A History of Danish Literature

By P. M. Mitchell; Mogens Haugsted | Go to book overview

CHAPTER XIV
Art vs. the Social Conscience

By the middle thirties, Danish literature had acquired some predominant characteristics which served to distinguish it from the post-war literature that was considered in the foregoing chapter. The drama once more became a vigorous genre, for the first time since the demise of Ibsen, Bjornson, and Strindberg. Furthermore, the pacifist conviction among socially conscious writers began to be replaced by an "activist" philosophy, i.e., by the conviction that words, action, and if necessary, force must be used to combat the fascism which had established itself first in Italy, then in Germany, and finally in Spain, and which was believed to have a so-called Fifth Column in other European countries, including Denmark. It was also characteristic of the literature of the decade that prose writing on the whole began to veer away from the depiction of social evils toward an interpretive treatment of psychological problems. Specifically stressed was the lasting effect of a given situation on the individual's psyche rather than the temporary effects on his physical or even mental well-being. Freud was becoming more important than Marx as a prophet.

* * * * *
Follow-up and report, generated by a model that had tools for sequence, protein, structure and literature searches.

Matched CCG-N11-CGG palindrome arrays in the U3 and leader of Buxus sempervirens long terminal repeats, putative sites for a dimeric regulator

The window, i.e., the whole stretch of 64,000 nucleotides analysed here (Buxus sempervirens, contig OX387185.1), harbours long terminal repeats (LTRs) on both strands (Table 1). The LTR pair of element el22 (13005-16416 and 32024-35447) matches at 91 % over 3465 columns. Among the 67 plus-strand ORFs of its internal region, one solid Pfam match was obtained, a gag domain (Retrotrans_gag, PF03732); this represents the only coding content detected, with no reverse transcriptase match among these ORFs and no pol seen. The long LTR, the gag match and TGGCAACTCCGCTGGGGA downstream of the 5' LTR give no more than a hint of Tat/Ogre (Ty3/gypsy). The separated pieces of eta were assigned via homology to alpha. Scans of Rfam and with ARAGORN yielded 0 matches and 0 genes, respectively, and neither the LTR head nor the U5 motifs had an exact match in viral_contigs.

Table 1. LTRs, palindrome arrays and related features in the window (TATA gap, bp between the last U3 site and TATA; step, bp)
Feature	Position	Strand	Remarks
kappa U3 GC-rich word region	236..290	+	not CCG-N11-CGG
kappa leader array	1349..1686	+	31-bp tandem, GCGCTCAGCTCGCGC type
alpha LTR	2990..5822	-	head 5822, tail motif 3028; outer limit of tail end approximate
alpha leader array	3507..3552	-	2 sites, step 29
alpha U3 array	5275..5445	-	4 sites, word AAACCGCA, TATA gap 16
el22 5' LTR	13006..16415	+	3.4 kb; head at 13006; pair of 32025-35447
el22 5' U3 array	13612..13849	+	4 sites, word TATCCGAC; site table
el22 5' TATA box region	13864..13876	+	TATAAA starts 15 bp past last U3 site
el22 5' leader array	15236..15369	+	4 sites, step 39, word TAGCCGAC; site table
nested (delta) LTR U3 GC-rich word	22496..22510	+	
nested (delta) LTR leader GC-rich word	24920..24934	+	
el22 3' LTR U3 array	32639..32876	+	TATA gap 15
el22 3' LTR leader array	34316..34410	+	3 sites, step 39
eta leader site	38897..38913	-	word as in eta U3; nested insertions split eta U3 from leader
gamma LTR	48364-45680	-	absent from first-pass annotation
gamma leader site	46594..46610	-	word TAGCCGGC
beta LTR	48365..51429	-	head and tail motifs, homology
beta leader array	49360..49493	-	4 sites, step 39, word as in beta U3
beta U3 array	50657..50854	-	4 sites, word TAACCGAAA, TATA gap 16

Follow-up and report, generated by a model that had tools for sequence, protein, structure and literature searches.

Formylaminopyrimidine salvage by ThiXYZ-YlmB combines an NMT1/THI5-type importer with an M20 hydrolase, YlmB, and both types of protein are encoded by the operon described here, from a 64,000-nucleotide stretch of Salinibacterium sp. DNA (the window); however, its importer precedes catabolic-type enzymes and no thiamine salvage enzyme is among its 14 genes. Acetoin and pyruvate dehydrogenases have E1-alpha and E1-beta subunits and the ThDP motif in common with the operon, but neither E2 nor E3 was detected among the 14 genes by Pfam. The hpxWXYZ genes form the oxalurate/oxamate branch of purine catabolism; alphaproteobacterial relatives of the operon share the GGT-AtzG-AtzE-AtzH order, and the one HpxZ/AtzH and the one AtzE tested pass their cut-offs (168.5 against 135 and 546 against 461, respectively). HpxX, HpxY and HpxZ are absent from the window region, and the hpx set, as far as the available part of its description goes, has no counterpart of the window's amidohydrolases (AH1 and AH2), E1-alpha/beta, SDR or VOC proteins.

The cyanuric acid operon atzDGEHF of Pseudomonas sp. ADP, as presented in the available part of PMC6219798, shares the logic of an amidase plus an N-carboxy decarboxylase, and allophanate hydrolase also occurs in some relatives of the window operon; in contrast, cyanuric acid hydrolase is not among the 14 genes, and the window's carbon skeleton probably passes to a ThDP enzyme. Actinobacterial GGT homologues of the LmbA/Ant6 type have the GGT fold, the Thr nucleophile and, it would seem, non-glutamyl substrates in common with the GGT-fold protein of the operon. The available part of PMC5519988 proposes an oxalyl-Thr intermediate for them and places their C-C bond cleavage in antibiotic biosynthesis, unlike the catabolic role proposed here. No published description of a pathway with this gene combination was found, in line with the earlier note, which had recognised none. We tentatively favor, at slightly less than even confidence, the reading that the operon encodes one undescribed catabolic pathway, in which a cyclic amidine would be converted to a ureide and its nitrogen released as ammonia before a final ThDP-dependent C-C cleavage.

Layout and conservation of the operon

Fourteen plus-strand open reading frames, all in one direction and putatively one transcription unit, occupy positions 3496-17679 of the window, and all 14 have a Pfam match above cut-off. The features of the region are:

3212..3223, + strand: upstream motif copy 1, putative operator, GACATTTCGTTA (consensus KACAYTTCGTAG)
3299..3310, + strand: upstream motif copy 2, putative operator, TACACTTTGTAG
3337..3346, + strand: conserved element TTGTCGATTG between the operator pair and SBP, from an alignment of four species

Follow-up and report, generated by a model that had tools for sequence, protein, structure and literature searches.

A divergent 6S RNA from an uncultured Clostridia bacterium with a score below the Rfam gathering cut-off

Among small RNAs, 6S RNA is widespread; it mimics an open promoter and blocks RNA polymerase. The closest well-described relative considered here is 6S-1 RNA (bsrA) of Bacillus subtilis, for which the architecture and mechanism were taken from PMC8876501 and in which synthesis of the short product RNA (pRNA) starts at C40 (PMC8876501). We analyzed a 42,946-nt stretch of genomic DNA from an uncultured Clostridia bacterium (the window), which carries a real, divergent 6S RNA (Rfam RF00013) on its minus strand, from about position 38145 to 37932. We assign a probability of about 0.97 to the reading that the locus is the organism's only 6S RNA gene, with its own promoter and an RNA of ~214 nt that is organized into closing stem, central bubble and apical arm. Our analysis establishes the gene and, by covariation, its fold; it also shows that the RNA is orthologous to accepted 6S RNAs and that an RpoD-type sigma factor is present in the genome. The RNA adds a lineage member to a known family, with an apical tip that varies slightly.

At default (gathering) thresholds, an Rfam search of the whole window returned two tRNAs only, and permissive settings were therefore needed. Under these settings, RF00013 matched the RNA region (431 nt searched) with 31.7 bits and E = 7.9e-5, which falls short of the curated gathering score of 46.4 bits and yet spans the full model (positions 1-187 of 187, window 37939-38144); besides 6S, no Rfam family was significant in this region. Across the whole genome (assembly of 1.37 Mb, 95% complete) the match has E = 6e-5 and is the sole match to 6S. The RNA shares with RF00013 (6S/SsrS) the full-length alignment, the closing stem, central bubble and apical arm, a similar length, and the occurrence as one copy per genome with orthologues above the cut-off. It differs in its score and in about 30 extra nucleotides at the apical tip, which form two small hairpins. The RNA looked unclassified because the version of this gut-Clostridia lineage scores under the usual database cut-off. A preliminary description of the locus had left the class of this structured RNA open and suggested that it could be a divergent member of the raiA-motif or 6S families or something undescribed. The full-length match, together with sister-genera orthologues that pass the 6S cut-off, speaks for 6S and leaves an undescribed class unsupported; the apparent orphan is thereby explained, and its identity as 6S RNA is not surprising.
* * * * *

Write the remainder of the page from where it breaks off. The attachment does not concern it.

From the ashes of the naturalistic drama arose a new synthetic drama that transcended the experimentalism of the first two decades of the twentieth century and was both naturalistic and symbolic. With regard to form and technique it was in part a reaction against Ibsen and his imitators and in part an extension of the experimental drama in Germany, Italy, and elsewhere during the twenties. While the new drama gave evidence of learning from the psychology of Freud and Jung, it was not primarily a psychological drama.

Nor was it one with the literature of social consciousness; it was more artistic and more subtle than the socially inclined prose works which have been treated in chapter XIII. It frequently contained an emotional appeal. One might say that it was the insistence of the appeal which had made the use of dramatic form inevitable.

The three dramatists who gave new life to the Danish stage were Kaj Munk, Kjeld Abell, and Carl Erik Soya. Of the three, Munk was the

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